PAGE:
Last year’s Kappa Kookie Gathering raised money for Reading is Fundamental, the sorority’s national philanthropy, through a bake sale and book drive.
In just its second year on the Cal Poly campus, Kappa Kappa Gamma (KKG) has already begun to make a philanthropic name for itself throughout San Luis Obispo.
After hosting its own philanthropic events, as well as involving its members in activities put on by other greek organizations, KKG is confident in its presence and involvement in the community.
“Now that we are in the middle of our third quarter on campus, we are beginning to see how we philanthropically fit into the local San Luis Obispo community and Cal Poly greek system as a whole,” said Mary Brosnan, Kappa Kappa Gamma philanthropy co-chair and kinesiology senior.
KKG’s national philanthropy is Reading is Fundamental (RIF), the nation’s largest literacy organization, which advocates for underserved communities and provides free books and literary resources for those in need.
KKG holds a number of functions that support RIF, including last year’s Kappa Kookie Gathering, which raised money through a bake sale and book drive. Their first philanthropy event of the school year is Kappa Kickball on Saturday, which involves 12 Cal Poly fraternities competing in a kickball tournament. All team entry fees go to RIF.
“We were looking for something that was fun, well-suited to the Cal Poly campus and would raise funds for RIF,” Brosnan said. “We also participate in campus focus philanthropies such as Up ’til Dawn supporting St. Jude’s and Relay for Life, as well as volunteering in the community at local organizations such as Wood’s Humane Society.”
In addition to supporting its own philanthropy, KKG has also participated in larger events within the community. This past Saturday, several members took part in Make a Difference Day alongside many other greek organizations. Sorority members traveled to Morro Bay, where they worked in a garden at a Montessori school.
“Kappa has worked really hard to develop relationships throughout the community and campus, and we have a partnership with the Paso Robles Boys and Girls club,” Brosnan said. “The local Barnes and Noble has also recently decided to help support RIF as their November philanthropy.”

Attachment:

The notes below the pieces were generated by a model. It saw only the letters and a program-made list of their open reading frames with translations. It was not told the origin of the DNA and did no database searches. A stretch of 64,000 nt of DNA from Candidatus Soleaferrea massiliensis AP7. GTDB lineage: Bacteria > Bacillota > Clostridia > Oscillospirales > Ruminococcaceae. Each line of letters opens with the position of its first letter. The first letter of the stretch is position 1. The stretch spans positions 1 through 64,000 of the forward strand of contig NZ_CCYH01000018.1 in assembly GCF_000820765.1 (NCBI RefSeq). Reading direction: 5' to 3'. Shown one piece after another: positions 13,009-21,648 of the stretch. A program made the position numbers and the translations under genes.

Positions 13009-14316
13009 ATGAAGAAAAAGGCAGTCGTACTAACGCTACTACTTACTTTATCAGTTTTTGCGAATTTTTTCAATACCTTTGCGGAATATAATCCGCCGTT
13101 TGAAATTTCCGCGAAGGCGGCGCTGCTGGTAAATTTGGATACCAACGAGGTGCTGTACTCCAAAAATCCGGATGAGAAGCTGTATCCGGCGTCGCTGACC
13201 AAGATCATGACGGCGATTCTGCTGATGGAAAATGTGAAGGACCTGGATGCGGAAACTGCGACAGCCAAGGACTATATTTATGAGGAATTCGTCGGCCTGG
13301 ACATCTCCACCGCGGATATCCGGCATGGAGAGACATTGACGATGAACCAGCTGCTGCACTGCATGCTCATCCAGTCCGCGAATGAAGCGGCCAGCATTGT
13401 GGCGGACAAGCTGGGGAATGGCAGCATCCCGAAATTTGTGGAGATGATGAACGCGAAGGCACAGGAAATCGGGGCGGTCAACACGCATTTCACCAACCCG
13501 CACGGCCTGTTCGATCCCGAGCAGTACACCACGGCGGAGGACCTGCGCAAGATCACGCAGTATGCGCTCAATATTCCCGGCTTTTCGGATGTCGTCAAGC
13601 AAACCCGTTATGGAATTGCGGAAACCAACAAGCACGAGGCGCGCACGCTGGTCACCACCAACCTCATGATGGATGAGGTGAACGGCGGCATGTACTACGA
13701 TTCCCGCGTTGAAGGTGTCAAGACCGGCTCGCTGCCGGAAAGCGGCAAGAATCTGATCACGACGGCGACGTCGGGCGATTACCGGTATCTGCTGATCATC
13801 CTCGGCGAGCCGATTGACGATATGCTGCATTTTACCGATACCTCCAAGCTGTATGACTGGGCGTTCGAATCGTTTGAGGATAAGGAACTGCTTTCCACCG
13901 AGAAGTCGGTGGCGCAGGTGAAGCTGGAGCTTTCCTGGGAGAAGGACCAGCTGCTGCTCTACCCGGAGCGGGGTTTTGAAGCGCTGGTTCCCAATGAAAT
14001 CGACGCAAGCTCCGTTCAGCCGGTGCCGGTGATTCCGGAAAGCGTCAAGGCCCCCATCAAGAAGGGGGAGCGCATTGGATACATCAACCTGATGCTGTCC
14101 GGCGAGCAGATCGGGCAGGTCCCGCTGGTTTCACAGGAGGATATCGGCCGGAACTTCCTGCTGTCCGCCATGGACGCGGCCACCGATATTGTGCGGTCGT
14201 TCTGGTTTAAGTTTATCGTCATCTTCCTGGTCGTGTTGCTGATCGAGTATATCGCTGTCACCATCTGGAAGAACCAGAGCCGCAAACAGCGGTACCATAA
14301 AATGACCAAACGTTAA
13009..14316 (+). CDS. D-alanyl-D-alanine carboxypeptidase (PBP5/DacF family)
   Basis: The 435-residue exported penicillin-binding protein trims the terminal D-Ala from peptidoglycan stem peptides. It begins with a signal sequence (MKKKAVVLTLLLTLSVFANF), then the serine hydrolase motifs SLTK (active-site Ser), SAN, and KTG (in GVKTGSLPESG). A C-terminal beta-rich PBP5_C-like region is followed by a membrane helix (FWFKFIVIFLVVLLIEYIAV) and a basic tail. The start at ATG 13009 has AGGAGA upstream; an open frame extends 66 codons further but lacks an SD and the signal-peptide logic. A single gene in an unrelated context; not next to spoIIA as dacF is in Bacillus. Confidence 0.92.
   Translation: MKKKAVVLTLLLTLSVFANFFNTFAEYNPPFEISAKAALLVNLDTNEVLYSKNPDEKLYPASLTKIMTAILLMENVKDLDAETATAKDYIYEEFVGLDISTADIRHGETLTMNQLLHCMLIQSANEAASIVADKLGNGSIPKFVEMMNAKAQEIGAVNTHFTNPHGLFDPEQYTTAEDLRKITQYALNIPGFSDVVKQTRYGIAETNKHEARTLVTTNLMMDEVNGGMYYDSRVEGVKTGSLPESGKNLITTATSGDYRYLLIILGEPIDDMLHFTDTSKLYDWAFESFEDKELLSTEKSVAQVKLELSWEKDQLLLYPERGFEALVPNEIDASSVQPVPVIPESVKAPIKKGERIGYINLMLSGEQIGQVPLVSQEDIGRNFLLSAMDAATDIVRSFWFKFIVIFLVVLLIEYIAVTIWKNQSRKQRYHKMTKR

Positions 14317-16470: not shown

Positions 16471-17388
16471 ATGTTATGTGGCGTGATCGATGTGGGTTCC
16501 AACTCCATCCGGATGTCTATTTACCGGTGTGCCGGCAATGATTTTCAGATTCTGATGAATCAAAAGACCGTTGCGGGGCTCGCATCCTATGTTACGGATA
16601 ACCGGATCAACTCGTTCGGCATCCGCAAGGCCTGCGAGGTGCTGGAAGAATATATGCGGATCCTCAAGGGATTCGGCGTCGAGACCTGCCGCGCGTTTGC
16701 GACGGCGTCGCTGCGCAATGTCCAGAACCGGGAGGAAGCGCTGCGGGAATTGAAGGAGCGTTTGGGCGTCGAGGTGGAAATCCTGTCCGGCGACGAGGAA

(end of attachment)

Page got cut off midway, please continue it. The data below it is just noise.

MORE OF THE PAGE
New members have also expressed passion for Kappa’s involvement with RIF.
“Having volunteered in the past with a program aimed at increasing literacy in elementary schools, Kappa’s philanthropy with RIF is something I’m excited to become more involved with,” communication studies freshman and KKG pledge Jordan Baxter said.
In addition to benefiting the charitable organizations, KKG members are also finding benefits from their own volunteerism.
“Our philanthropy opportunities give our members the ability to reach out in the community, support different efforts and develop passion for service to others,” Brosnan said.
Although RIF is KKG’s national philanthropy, supporting other local organizations is also encouraged.
“Each collegiate chapter supports this organization (RIF) in their own way,” said Sarah Ford, KKG’s chapter consultant. “It’s a unique opportunity because each chapter and alumnae association has the freedom to choose how they want to support it, which allows our members to be able to respond to the greatest needs as they arise at the local campus, community or throughout the nation. Along with RIF, we encourage the chapters to support other philanthropic efforts in the local community.”
In terms of philanthropic expansion, the sorority plans to increase all aspects of involvement.
“We are planning on broadening our types of events to make sure that many clubs and student groups across the community will get involved,” Brosnan said. “We are excited to begin planning more events with the connections that we have worked hard to make with the local San Luis Obispo Community.”
Through all the activity, Brosnan said KKG has only had one problem with their philanthropy: deciding where to volunteer next.
“There are so many great local organizations to support as we work towards our goal of becoming a chapter well-rounded in the diversity of organizations we choose to pursue,” Brosnan said.